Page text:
Hanae Mori, a Japanese film designer, died at the age of 96
Her office announced on Thursday that the designer Hanae Mori had passed away. She was noted for her delicate characteristic butterfly designs, as well as several cinema styles and the wedding gown worn by Japan’s emperor (Aug 18). She lived to be 96.
Mori came to represent not just the advancement of Japan as a contemporary and stylish nation but also the advancement of the working woman. According to the Hanae Mori Office, she passed away on August 11 in the comfort of her home in Tokyo, a few days after acquiring a low-grade fever. A medical professional had gone to her house to do an examination, but they were unable to determine the reason why she had passed away.
When Empress Masako wed Emperor Naruhito, who was then the crown prince, in 1993, she wore a wedding gown designed by Hanae Mori that included rose-petal motifs all over the dress. Mori was responsible for the design of the costumes used by the flight attendants of Japan Airlines, the bank clerks, the high school students, and the Japanese national team at the Olympics in Barcelona. The outfits were not flashy like her creations for the runway; rather, they were tasteful and professional, which was fitting for the duties that they played.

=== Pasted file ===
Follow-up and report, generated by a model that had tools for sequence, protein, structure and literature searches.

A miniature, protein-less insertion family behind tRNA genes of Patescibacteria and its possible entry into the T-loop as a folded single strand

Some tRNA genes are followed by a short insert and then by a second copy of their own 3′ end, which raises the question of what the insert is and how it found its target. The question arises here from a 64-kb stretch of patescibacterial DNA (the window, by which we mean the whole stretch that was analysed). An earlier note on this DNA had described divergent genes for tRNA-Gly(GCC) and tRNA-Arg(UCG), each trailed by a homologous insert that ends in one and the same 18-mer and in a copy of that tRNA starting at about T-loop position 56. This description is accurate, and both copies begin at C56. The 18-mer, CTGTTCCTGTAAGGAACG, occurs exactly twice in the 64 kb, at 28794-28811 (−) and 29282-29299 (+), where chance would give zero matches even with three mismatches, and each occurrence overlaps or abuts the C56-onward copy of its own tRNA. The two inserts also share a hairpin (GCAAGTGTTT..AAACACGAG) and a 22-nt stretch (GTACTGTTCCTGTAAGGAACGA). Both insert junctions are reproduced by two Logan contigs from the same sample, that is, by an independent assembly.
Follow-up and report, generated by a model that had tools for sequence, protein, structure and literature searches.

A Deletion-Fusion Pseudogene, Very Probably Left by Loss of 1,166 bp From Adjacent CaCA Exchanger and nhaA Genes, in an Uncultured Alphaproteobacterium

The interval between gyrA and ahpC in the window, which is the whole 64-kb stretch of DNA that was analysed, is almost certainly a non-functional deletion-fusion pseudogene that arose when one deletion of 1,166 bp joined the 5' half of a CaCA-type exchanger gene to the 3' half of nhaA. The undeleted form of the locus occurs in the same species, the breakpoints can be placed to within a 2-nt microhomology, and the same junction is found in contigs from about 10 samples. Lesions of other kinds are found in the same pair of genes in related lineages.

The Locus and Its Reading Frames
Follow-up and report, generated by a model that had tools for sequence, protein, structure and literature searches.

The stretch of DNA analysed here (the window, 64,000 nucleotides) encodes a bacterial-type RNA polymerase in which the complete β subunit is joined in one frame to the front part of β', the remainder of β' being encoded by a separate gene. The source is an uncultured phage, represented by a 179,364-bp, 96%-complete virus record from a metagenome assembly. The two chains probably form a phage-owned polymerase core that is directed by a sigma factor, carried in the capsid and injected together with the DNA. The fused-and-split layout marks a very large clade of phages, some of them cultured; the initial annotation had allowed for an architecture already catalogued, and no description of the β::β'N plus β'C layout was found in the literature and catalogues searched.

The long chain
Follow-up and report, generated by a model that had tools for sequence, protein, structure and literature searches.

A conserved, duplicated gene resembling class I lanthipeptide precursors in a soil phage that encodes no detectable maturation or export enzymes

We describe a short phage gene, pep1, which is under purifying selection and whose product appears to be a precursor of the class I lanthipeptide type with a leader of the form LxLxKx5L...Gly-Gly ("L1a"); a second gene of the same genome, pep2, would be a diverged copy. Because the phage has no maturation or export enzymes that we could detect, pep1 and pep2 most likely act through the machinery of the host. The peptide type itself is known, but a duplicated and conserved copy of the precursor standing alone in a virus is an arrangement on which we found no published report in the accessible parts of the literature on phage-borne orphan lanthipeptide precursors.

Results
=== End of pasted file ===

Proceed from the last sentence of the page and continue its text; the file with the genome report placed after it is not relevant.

Mori’s goal was to instill a sense of self-assurance and dignity in those who wore her designs by promoting the philosophy that “You feel nice, no matter where in the world you wear them.” Her scarves and umbrellas, which were frequently adorned with colorful butterflies and served as a status symbol among working women, were known for their unique designs.
She was a pioneer of a group of Japanese designers that became recognized internationally and founded her studio in 1951. Her designs are known all over the world. Her debut exhibition in New York in 1965 was hailed as a “East meets West” event by the press.
In 1977, she launched her eponymous fashion house in Paris and went on to establish a global empire that included fragrances, handbags, and publishing in addition to the fashion industry.
In the 1950s and 1960s, Mori designed costumes for hundreds of Japanese films, dressing star actresses like Mie Kitahara, Sayuri Yoshinaga, and Shima Iwashita in some of the most renowned cinematic pieces that were produced during that era. Mori is known for incorporating traditional Japanese elements, such as the kimono, into his designs.
Those who are interested in fashion are also familiar with the lavish outfits that she fashioned for the singer Hibari Misora. She also designed for the opera and the Noh theater, one of her opera designs being Madame Butterfly, which was performed in Milan in 1985. She was presented with the Legion of Honor medal by the French government in the year 2002.
According to the office of Hanae Mori, she is survived by two sons who each own their own business, a daughter, seven grandchildren, and several great-grandchildren. Her husband Ken Mori died in 1996. Her grandchildren Izumi Mori and Hikari Mori are fashion models. A funeral service was held privately for immediate family members. There is a possibility that a public memorial service may be held, although the specifics have not been determined.